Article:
"Gifts from the Past: The Isabel Brown Wilson Collection" There sits in the Audrey Jones Beck Building at Museum of Fine Arts, Houston an exhibition that is equal parts art history and memoriam: "Gifts from the Past: The Isabel Brown Wilson Collection," donated to the museum by Wilson after her death, is a connection between Wilson's love of art, her love of the history that created it and, ultimately, her love of MFAH. The exhibit reveals an interesting intersection between ancient Greek, Roman, Mesopotamian and Egyptian art and customs. The clearest connection that stands out among these ancient civilizations is status and wealth. For example, Mummy Portrait of a Young Girl, a wax piece from 30 B.C. to 100 A.D., fuses two cultures: the Egyptian practice of mummification and the Roman custom of creating portraits of the mummified. The young girl's pretty gold locket and fanciful purple robes are more than mere decoration; they tell of the upper-class stock she must have come from, since the hot wax used to make the work of art was fickle, drying quickly and requiring the artist to work swiftly, and families would pay a pretty penny for this service. There are also connections within each culture. Much of ancient Egypt's art could be used for practical purposes and then recycled into other pieces, either useful or artistic. A faience is finely ground crystal. Egyptians manipulated faience into jewelry, game pieces, furniture, bowls and cups, and later converted the crystal into small figurines that would lie with the mummified dead in the afterlife. The shabti of Tjai-en-hebu is one of three such figures on display just outside the gallery's front doors, ranging from tiny to small to medium in size. Through October 27. 1001 Bissonnet, 713-639-7300 — AO

"Impressions | Abstractions" "Impressions | Abstractions," which opened at Sicardi Gallery, showcases the work of 20th-century Latin American artists Carlos Cruz-Diez, Jesús-Rafael Soto, Julio Le Parc, Luis Tomasello, Sérvulo Esmeraldo, León Ferrari and Gego. The works of the seven artists make clear the distinctions in printmaking, from color to technique. In comparing Cruz-Diez, Soto and Tomasello, it's possible to make an argument for why printmaking is such a versatile medium. Cruz-Diez and Soto are Venezuelan artists who both studied at the Escuela de Artes Plásticas y Aplicadas and were early adopters of the kinetic art movement. Because of this, their art is similar; striped horizontal and vertical lines make up the crux of their respective works. However, while Soto's lines move up and down black-and-gray sculptures (Escriture), Cruz-Diez is more liberal with color. Usually a serigraph is a process in which an image is stenciled into a mesh screen. Ink is applied to the part of the screen not covered by the stencil, which is then squeezed through, creating a superimposed image. Cruz-Diez's process is unique in that he combines silk screen and lithography with digital printing. The result is a work boasting 50 shades of color, as in the translucent rainbows of Induction chromatique à double fréquence, (1990). The piece is a pigment chromagraphy on Plexiglas, a process that allows color to bleed and blend, so that what begins as blue and orange mixes, turning the top into a striking rainbow of colors. Tomasello, on the other hand, produces "lithographs," in which ink is placed onto a stone or metal surface, then followed by a sheet of paper that removes the ink from the stone, creating the image. His pieces have white backgrounds with blushes of color applied in strategic positions. Atmosphère Chromoplastique No. 914 (2009), an acrylic-on-wood piece, is divided into squares created by four horizontal or vertical lines. The vertical-line squares have a green tint, causing them to stick out more, heightening the acrylic piece. The lines in Cruz-Diez and Soto's kinetic pieces are also present in Tomasello's, revealing that even though each printmaker's work is different and special in its own way, the repeated, recognizable themes of lines, dots, pictures and other types of imagery are what makes the practice of printmaking so interesting. Through August 31. 1508 W. Alabama, 713-529-1313. — AO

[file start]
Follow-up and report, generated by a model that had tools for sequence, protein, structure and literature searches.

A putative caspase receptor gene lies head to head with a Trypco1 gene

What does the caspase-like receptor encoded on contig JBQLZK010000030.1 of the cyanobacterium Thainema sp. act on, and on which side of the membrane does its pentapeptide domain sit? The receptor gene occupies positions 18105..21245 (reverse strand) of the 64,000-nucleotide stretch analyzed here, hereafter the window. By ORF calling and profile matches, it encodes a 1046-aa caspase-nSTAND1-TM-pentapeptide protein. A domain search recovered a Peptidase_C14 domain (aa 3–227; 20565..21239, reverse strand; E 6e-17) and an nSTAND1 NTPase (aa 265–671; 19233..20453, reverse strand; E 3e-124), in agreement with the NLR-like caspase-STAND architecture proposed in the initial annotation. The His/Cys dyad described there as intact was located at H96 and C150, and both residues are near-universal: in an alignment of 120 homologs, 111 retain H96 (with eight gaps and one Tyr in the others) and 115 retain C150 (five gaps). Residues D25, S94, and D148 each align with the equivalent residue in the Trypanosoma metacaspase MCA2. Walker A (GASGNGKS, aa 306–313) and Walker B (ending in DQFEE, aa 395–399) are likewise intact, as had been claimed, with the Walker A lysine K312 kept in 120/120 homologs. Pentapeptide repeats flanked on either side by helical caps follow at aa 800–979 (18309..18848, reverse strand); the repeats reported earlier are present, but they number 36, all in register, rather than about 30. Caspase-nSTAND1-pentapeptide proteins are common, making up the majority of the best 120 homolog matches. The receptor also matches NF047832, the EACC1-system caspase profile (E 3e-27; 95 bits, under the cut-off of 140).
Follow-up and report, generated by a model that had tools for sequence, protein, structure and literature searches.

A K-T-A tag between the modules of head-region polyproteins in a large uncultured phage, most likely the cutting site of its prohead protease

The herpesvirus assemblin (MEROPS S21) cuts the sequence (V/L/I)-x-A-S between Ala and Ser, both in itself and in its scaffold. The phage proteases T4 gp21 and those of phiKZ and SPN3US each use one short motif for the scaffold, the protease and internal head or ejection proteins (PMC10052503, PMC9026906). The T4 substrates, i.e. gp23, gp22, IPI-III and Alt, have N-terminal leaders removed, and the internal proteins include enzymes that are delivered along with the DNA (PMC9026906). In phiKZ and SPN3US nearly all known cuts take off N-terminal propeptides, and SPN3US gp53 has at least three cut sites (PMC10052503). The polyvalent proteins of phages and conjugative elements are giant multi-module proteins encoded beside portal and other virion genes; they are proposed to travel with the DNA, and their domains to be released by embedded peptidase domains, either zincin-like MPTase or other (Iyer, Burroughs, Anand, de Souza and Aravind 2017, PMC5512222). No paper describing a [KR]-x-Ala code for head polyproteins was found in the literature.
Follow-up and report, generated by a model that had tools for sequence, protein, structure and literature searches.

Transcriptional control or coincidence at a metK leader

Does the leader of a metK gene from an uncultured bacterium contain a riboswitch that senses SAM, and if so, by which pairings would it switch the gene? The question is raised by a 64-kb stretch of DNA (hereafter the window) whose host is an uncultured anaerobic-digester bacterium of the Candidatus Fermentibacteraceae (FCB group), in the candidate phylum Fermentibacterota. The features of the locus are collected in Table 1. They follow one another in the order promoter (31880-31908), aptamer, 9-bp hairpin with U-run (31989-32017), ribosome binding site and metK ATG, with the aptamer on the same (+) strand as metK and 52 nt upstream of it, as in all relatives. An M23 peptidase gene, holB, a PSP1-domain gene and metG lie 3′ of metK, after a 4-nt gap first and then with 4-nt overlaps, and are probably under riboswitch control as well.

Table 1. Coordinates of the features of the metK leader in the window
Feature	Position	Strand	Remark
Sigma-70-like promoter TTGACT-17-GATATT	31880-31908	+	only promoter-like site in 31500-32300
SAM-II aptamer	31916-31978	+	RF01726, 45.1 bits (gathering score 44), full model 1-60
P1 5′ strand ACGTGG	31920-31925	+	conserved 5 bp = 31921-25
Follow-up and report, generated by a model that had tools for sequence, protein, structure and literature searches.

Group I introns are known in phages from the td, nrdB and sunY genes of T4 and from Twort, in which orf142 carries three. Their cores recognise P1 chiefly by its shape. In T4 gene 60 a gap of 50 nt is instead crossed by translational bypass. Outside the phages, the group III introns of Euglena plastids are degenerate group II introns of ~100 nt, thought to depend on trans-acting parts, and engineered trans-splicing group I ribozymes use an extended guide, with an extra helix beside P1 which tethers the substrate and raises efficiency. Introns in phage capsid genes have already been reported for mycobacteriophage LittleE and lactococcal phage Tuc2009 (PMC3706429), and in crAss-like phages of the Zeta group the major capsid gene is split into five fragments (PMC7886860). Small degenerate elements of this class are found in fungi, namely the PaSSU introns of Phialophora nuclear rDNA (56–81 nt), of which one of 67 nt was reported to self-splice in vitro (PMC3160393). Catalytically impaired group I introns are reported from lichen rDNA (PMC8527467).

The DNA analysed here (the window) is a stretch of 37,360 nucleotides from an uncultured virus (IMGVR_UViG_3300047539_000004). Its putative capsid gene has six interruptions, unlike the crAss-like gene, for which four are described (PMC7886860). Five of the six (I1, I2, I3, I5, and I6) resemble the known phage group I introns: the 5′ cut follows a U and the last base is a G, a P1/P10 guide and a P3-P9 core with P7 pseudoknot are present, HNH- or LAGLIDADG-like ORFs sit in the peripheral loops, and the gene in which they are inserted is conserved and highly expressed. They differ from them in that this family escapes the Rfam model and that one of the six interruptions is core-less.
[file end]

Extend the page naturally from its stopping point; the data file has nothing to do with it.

"Summer Studios 2013" Project Row Houses' "Summer Studios 2013" exhibition opened with a hotter than hot mid-August reception that showcased seven artistically transformed row houses — six filled with the art of individual undergraduate art students and one completed by a group, Rice University's Houston Action Research Team (HART). The houses couldn't be more different from each other — in content and execution. Maggie Hooyman's "Sharing, Understanding and Expanding" is perhaps the least artistically strenuous of the seven but the most inclusive. Markers, paintbrushes and bottles of paint are set up throughout the house. A sweet little note invites viewers to grab a bottle, a brush or a marker and decorate at will. The final product is a rainbow of colors and shapes splayed freely throughout, with positive phrases like "Peace, Hope, Faith" written on walls. Another dynamic art house is Byron Harris's "Hammocks and Music Boxes," a work that disproves economist John Maynard Keynes's prediction that in the future, Americans will enjoy the luxury of a "15-hour working week." Visualizing this involves the use of various pieces of colored string hung throughout the house. The most telling strings are the ones laced throughout a wooden bed frame. Bed frames are usually reinforced with strong wire that mattresses, and ultimately people, rest on. By replacing the wire with string, Harris proves the argument that the bed and, by extension, leisure have become obsolete. Jessie Anderson's "House," at 2509 Holman, is a literally grassroots work. The artist collected found objects, located "within a 15-block radius of this spot," and placed each on the walls of her art house. By doing this, Anderson created a tribute to the natural community of Third Ward. This is equally celebratory and depressing: That these castaway pieces are so easily found in the community reveals an apathetic habit of haphazardly throwing items into lots, yards and streets. "House," then, is a metaphor for Third Ward. Pollution crowds the streets; there is still work to be done. Aldo Rodan's "The Struggle Continues: a Depiction of Mexican Dreams and Hopes," at 2511 Holman, depicts four "dead" bodies: three on the floor and the fourth hanging by toes from the ceiling. The scene, Rodan says, reveals the horror of Mexican drug cartels and the innocents caught in the crossfire. Rodan created the bodies by covering mannequins in a substance he calls "fabric stiffener" and cloaking each with a gray sheet. Haunting. Through September 8. 2521 Holman, 713-526-7662. — AO